Picture quality: HD, 4K, HDR
Sound: Dolby Atmos
UI: Sky Q
Sky's set-top box remains one of the best around, a full seven years after launching. You do still need a satellite dish, and a separate box for every room in which you want to watch. But if you can put up with these inconveniences, you'll be handsomely rewarded.
- Great content, plenty of 4K
- Impressive picture and sound
- Multi-room TV works well
- Requires a dish
Picture quality: HD, 4K, HDR
Sound: Dolby Atmos
UI: Entertainment OS
It's newer and flashier, and doesn't need a satellite dish, but while the TV looks and sounds decent, Sky Glass remains a niche product. Most people will be better served by Sky Q, or Sky Stream with a decent TV/soundbar set-up, if you want Sky without the dish.
- Sky without the dish
- Decent picture for the money
- Sounds better than most TVs
- Weak motion-handling
- Washed-out bright images
- No true recording
There are lots of ways to watch Sky. Now you don't need a satellite dish, you can watch through your broadband connection via Sky Glass (a TV) or Sky Stream (a streaming puck). Don't want to commit to a subscription? Check out Now (formerly Now TV), which lets you dip in and out of Sky's TV services. Or you could still opt for the classic satellite service with Sky Q.
But which is right for you? We've compared Sky Stream and Sky Q before, so now it's time to turn to Sky Glass and Sky Q. Should you opt for Sky's TV with built-in streaming? Or would the set-top-box-and-dish set-up of Sky Q suit you better? Let's find out.
Sky Glass vs Sky Q: price
This being Sky, the pricing of either service isn't exactly straightforward.
The Sky Glass TV is available in three different sizes – Small, Medium and Large. The Small model (a 43-inch set) costs £699 if paid for upfront. The Medium (55 inches) is £949, and Large (65 inches) is £1199. These prices are slightly up on the launch prices.
You can also pay for it monthly. The longer your contract, the cheaper your monthly payments. Take the Small Sky Glass model over four years (48 months), and you'll pay £14 a month – along with the £10 upfront payment, that takes the total cost to £682. Sign up for two years, and you pay £28 per month, with a £20 upfront payment (total: £692).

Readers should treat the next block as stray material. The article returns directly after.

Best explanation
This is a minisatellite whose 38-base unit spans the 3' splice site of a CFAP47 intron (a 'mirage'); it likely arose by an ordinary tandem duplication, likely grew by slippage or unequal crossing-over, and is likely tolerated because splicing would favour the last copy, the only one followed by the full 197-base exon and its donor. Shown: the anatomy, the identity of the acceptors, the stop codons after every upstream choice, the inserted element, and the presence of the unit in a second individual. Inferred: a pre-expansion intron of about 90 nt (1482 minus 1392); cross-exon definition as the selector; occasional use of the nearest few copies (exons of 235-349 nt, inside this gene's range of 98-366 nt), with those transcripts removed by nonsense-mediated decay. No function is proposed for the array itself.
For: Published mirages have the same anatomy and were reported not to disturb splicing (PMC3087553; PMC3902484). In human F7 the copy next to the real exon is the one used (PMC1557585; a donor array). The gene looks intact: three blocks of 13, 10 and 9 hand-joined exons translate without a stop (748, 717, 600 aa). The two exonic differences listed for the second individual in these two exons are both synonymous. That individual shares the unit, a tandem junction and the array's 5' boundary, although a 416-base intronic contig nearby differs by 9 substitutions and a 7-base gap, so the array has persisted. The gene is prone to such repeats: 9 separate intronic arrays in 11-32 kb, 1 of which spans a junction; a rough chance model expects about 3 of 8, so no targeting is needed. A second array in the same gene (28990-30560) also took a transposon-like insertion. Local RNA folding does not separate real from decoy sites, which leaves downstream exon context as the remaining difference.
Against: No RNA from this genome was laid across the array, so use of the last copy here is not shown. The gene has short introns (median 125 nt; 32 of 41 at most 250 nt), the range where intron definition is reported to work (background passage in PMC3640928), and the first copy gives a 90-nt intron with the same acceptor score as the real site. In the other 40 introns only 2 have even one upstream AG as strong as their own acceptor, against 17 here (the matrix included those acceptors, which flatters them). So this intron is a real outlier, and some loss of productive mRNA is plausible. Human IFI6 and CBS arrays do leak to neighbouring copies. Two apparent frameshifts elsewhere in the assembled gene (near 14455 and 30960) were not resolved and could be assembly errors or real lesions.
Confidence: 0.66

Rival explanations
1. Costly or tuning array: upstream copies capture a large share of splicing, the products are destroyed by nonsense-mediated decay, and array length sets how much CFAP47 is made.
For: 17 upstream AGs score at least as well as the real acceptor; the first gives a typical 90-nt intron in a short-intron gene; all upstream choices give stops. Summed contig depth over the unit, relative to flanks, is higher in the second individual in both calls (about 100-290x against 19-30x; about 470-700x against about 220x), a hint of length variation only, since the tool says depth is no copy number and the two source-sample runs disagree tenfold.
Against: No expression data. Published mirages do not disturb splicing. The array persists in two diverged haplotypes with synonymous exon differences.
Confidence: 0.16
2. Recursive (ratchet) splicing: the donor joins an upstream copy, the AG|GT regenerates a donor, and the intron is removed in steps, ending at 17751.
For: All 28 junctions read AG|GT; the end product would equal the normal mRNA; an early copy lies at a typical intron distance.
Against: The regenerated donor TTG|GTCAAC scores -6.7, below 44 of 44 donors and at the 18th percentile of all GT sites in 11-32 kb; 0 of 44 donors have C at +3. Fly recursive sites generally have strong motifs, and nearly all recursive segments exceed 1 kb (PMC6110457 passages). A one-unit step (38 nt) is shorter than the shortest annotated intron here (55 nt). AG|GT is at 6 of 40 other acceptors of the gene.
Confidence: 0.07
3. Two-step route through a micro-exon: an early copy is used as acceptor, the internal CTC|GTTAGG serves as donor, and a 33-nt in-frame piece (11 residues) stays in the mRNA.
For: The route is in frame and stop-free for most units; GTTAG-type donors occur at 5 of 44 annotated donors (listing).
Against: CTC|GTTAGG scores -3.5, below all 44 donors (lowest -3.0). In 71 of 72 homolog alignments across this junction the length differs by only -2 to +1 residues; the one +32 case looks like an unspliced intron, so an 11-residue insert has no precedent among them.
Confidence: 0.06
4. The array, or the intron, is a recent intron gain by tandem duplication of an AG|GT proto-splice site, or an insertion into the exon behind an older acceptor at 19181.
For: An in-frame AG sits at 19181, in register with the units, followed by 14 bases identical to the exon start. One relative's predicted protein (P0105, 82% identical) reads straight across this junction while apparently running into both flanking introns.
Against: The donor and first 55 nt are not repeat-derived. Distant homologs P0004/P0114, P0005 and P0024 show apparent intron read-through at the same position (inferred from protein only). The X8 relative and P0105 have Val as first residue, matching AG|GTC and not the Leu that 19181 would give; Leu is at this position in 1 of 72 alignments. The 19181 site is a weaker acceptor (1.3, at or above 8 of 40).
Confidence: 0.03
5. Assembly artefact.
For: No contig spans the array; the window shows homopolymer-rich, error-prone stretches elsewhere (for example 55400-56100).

You can buy the Medium and Large versions of Sky Glass on the same terms. The Medium costs £19 over 48 months (plus £10 upfront) or £38 over 24 months (plus £20 upfront), while the Large is £24 over 48 months (again, plus £10 upfront) or £48 over 24 months (£20 upfront).
See? Not exactly straightforward. And that's before we even get to the cost of the Sky subscription on top of the TV.
You'll need at least Sky Ultimate (£26 a month) in order to watch Sky through Sky Glass, which takes the price of the cheapest subscription to £40 a month.
Of course, you can watch a lot more Sky content on your Sky Glass TV than just Sky Ultimate. But the more extras you get, the more you pay. HDR and Dolby Atmos? That'll be an extra £6 a month. Sky Sports? £25 extra. Sky Cinema? £12. And if you want Sky Kids, that's another fiver. So the costs soon add up.
Netflix is included as part of the Sky Ultimate package, but if you want other streaming services like Disney+ and Prime Video, you have to pay for them separately.
If you want Sky Glass in more than one room, you need to pay an extra £10 per month. This extra tenner will give you a 'Whole Home' subscription, but each room will require a Sky Stream Puck in order to add Sky Glass to a standard TV. The first Puck is currently free, but extras will set you back £50 each. Or you could always opt for Sky Stream, which is basically just the puck.
Sky Q's pricing is a little more straightforward. And because you're not getting a whole new TV, it works out cheaper.
Sky TV and Netflix cost £28 a month (plus a one-off set-up fee of £20). From there, you can add Sky Sports (£20 a month), Sky Cinema (£12 a month), BT Sport (£28 a month), Sky Kids (£6 a month), Disney+ (£7.99 a month), Multiscreen (£15 a month), HD (£9 a month) and Ultra HD and HD (£13 a month). So cheaper overall, but still not exactly cheap.
Again, apart from Netflix, you have to pay for other streaming services separately.
It really comes down to whether you're happy with your TV. If so, you can save a pretty penny by opting for Sky Q over Sky Glass.
Winner: Sky Q
Sky Glass vs Sky Q: hardware